4. Be willing to move forward. I went through a phase where I thought if I stay broke and miserable, then I can say, ”See what he did to me, that no good, so and so.” It took a while to realize if I continued to do that, I was allowing him to continue to control my life…geez..not a good idea! Instead, I took the advice of a friend . When I shared feeling so financially damaged, she responded, “Consider that the ransom you paid for saving your life.”
5. You, too, are saving your life. A life that is filled with possibilities, and financial growth.
Written by Theresa Nutt, Closeted Creatives
This notion about what it is to be a vibrant woman continues to grow. Last week I shared the importance of embracing emotions. This week I want to focus on why it is important to speak your truth. Too many of us have been taught that it is not polite to speak our truth, that we must consider the feelings of others before our own, and if we don’t have anything nice to say we shouldn’t say anything at all. Unfortunately, this means we swallow our truth and bleed inside. Instead, speaking your truth with grace is exactly what you need to do.
“In the process of telling the truth about what you feel or what you see, each of us has to get in touch with himself or herself in a really deep, serious way.” June Jordan
What Does Speaking Your Truth Mean?
The reason I spoke about embracing your emotions first is that speaking your truth requires self awareness about how you really feel. And based on how you feel, you want to be able to respond by speaking your truth. I recently had a conversation with a friend who doesn’t believe in shamanism or energy healing and he made a sweeping statement about how it isn’t real. I was instantly hurt and felt invalidated because I have significant training in both. And sadly, in that moment I didn’t tell the truth. I did feel my feelings, but couldn’t find a way to express what I was feeling. And you know what happens next – a distance is created and a story starts to build about the other person. A story that in time can take on a life of its own and significantly impact a relationship.
In the moments we swallow our truth we do a huge disservice to ourselves and others. Let me put in a disclaimer here – I am not talking about blasting someone with your truth or lashing out in anger. We always want to make a choice to speak in a way that others can hear us. But swallowing our truth and letting it fester inside of us, often creating resentment, causes health problems and distance in our relationships. So how do we speak our truth with grace?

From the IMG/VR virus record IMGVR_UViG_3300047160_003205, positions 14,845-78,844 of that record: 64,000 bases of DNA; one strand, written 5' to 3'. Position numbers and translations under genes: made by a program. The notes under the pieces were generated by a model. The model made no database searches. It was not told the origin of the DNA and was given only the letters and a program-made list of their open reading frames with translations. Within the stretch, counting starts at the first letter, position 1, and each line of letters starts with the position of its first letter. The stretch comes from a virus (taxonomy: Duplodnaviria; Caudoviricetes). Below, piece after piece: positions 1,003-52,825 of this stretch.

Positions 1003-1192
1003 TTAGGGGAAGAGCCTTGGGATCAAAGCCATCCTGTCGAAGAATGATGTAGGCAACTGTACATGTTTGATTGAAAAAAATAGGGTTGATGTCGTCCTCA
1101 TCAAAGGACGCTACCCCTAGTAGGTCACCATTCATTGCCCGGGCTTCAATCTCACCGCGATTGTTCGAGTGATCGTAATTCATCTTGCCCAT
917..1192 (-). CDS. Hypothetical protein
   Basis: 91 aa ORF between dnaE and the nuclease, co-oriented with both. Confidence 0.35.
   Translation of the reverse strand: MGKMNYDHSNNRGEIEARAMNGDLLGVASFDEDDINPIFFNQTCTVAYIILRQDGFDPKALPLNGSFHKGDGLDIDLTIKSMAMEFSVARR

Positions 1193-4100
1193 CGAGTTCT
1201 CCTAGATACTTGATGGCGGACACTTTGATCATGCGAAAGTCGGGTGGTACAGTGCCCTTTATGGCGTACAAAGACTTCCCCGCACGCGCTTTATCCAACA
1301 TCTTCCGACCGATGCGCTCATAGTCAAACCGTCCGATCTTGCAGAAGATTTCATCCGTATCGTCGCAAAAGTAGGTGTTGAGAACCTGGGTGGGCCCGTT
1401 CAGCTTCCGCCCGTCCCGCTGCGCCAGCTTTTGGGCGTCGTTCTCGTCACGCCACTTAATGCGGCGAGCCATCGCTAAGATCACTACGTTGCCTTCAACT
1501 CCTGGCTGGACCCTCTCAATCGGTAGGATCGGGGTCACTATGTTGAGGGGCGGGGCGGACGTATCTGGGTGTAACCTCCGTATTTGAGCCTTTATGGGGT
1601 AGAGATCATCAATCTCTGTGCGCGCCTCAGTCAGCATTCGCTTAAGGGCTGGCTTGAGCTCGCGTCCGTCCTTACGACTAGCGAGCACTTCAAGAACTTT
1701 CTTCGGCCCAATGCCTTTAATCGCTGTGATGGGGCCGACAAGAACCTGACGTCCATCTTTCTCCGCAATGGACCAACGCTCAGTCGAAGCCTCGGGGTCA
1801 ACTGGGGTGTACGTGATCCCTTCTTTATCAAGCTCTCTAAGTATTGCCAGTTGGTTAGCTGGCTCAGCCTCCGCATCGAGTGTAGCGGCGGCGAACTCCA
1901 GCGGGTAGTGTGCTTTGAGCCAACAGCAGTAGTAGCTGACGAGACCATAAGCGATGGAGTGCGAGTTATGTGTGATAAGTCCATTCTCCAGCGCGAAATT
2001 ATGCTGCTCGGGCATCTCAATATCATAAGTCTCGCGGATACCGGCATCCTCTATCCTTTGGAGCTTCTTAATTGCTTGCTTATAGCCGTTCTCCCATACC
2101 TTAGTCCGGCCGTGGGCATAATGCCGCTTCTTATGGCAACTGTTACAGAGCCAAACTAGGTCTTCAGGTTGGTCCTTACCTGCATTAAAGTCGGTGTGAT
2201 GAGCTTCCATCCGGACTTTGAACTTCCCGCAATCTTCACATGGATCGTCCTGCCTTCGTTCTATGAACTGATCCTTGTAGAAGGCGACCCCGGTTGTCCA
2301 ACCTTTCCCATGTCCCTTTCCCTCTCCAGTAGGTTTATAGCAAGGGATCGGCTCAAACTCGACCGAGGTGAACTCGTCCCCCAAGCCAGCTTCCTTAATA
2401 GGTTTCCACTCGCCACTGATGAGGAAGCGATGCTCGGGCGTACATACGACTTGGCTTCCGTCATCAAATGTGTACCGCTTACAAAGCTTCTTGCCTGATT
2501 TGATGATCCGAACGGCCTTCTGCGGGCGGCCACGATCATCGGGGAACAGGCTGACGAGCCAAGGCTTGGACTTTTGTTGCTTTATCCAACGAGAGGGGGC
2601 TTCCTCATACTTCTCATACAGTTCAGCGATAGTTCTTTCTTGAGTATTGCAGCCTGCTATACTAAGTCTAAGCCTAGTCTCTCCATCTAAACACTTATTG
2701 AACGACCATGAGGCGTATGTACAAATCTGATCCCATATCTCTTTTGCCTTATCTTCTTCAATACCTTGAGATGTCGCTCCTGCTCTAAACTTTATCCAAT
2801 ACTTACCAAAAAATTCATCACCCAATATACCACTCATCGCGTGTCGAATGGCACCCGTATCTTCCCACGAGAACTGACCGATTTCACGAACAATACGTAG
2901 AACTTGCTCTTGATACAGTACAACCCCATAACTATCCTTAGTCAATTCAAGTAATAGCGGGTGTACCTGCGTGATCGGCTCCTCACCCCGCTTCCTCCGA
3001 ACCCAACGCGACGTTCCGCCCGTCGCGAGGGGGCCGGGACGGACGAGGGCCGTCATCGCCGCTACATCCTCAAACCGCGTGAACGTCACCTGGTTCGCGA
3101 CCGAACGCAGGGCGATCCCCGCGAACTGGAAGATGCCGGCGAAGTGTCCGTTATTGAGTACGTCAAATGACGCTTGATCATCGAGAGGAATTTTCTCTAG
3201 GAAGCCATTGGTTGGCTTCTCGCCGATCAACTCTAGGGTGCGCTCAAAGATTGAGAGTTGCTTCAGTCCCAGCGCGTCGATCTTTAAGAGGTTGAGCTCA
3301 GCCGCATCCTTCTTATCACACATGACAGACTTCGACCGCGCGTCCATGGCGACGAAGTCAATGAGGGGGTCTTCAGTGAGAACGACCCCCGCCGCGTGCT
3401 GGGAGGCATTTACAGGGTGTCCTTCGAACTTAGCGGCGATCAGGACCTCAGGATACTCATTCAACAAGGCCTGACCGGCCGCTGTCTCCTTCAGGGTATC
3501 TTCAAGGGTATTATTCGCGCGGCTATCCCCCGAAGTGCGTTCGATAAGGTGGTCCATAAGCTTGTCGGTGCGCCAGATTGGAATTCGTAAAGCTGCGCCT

Speak Your Truth With Grace
Here are some tips to help you speak your truth in a way that others can hear. The goal of this practice is that you speak your truth and at the same time preserve the relationships that matter to you. Its a form of energy hygiene. Who wants to expend a bunch of energy on a conversation that happened some time ago?
- Get clear about what you are feeling first
- Take a deep breath and get grounded especially if you feel a lot of emotional charge about the topic
- Ask yourself how you can best connect with the other person
- Speak from your heart more than your head – NonViolent Communication is a great tool for these conversations
- Ask a question to get more information from the other person if you aren’t sure where to start
- Be willing to meet the person where they are
- Don’t swallow what you need to say – be willing to take the risk of speaking up
- Stay present with yourself throughout the conversation so you can be clear about what needs to happen next for you
- Have a process in place for working through your emotions or triggers when the conversation is over